Ay, dear friends, and I will go a little further; the greatest selfdenial does not prove it. Peter could say, “Lord, we have left all and followed thee.” Though it was not very much, yet it was all Peter had, and he had left it all for the good cause, without having gained any earthly good in return. He had been frequently abused and reproached, for Jesus’ sake, and he expected to be reproached still more, yet was he loyal, and willing to suffer to the end: yet the Lord, knowing all that Peter had sacrificed for his sake, nevertheless said to him, “Lovest thou me?” For sadly, strangely true it is, that men have made considerable sacrifices to become professed Christians and yet have not had the root of the matter in them. Some have even been put into prison for the truth, and yet have not been sincere Christians, and it is not for us to say, but it is to be feared that in the martyr days some have given their bodies to be burned, yet because they had not love, it profited them nothing. Love is essential. Nothing can compensate for its absence. And yet this precious thing may not be in your hearts! O God, I tremble as I remember that perhaps it is not in mine. Let each one hear the question “Simon, son of Jonas, lovest thou me?”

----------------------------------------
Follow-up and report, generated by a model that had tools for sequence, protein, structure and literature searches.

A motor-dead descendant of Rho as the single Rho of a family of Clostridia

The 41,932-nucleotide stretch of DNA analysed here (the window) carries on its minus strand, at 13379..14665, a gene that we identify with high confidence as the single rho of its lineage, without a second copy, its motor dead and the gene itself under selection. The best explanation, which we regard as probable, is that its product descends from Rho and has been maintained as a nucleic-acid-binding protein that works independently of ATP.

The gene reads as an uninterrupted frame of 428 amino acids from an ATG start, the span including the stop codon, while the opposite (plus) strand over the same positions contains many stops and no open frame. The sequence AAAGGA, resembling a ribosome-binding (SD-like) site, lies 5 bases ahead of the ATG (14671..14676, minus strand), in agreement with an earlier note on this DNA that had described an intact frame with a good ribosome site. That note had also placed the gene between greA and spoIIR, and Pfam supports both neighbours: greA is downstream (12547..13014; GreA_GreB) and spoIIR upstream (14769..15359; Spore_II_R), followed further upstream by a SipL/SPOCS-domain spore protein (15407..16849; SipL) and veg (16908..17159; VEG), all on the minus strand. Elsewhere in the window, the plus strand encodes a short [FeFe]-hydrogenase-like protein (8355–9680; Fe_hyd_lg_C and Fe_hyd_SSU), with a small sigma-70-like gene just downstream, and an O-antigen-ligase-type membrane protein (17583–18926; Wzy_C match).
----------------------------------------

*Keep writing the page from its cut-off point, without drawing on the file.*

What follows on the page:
I must press the point still a little further. It is often necessary for us to put this question, because there are other points of religion besides the emotional. Man is not all heart, he has a brain, and the brain is to be consecrated and sanctified. It is, therefore, right that we should study the Word of God and become well instructed scribes in the kingdom of heaven. Peter went to college three years, with Jesus Christ for a tutor, and he learned a great deal, as who would not from so great a teacher? But after he had been through his course, his Master, before he sent him to his life-work, felt it needful to inquire, “Lovest thou me?” Brother, you may turn over the pages of your book, you may digest doctrine after doctrine, you may take up theological propositions and problems, and you may labour to solve this difficulty and expound that text, and meet the other question, till, somehow or other, the heart grows as dry as the leaves of the volume, and the book-worm feeds on the soul as well as the paper, eating its way into the spirit. It is, therefore, a healthy thing for the Lord to come into the study and close the book, and say to the student, “Sit still a while, and let me ask thee, ‘Lovest thou me?’ I am better than all books and studies; hast thou a warm, human, living love to me?” I hope many of you are very diligent students— if you teach in the Sunday-school you ought to be, if you preach in the streets or in cottage meetings you ought to be. How shall you fill others if you are not full yourselves? But at the same time look most of all to the condition of your heart towards Christ. To know is good, but to love is better. If thou wilt study, thou canst solve all problems; yet, if thou lovest not, thou hast failed to comprehend the mystery of mysteries, and to know the most excellent of sciences. Knowledge puffeth up, but love buildeth up. Look well, then, to the question, “Lovest thou me?” Much of Christian life also ought to be spent in active labour. We are to be up and doing. If there was anything to do, Peter was the man to do it. He had gone forth to preach the gospel, and even the devils had been subject to him ; Peter had wrought marvels in Jesus’ name, and he was ordained to work yet greater wonders. Yet, despite all that Peter had done, his love needed to be examined. Even though those feet of Peter’s had walked the sea, which no man’s feet had done besides, yet Peter must be asked, “Lovest thou me?” He had just dragged that huge net to the shore with all that host of fishes, a hundred and fifty and three. With great skill and mighty effort he had drawn the whole shoal on shore, yet this did not prove his love. There are preachers of the gospel among us who have dragged a full net to shore, the great fishes have been many; they have been great and successful workers, but this does not prevent its being needful for the Lord to examine them as to their hearts. He bids them put by their nets for awhile and commune with him. Shut up the church book; fold up the roll of membership and have done counting your fishes. Come into your chamber apart. Jesus means to ask you something. “In my name you have cast out devils, but did you love me? You cast the net on the right side of the ship, as I told you, but did you love me? You drew to shore that shoal of fishes, but did you love me?” Brethren, this is the solemn fear, “Lest after having preached to others I myself should be a castaway.” Lest after bringing others to Jesus, and serving God well in the school, or in some other sphere, you should, nevertheless, make a dead failure of it, because you have not loved Jesus himself. I must press the question again and again, and I do pray the Holy Spirit to let its power be felt by every one of us.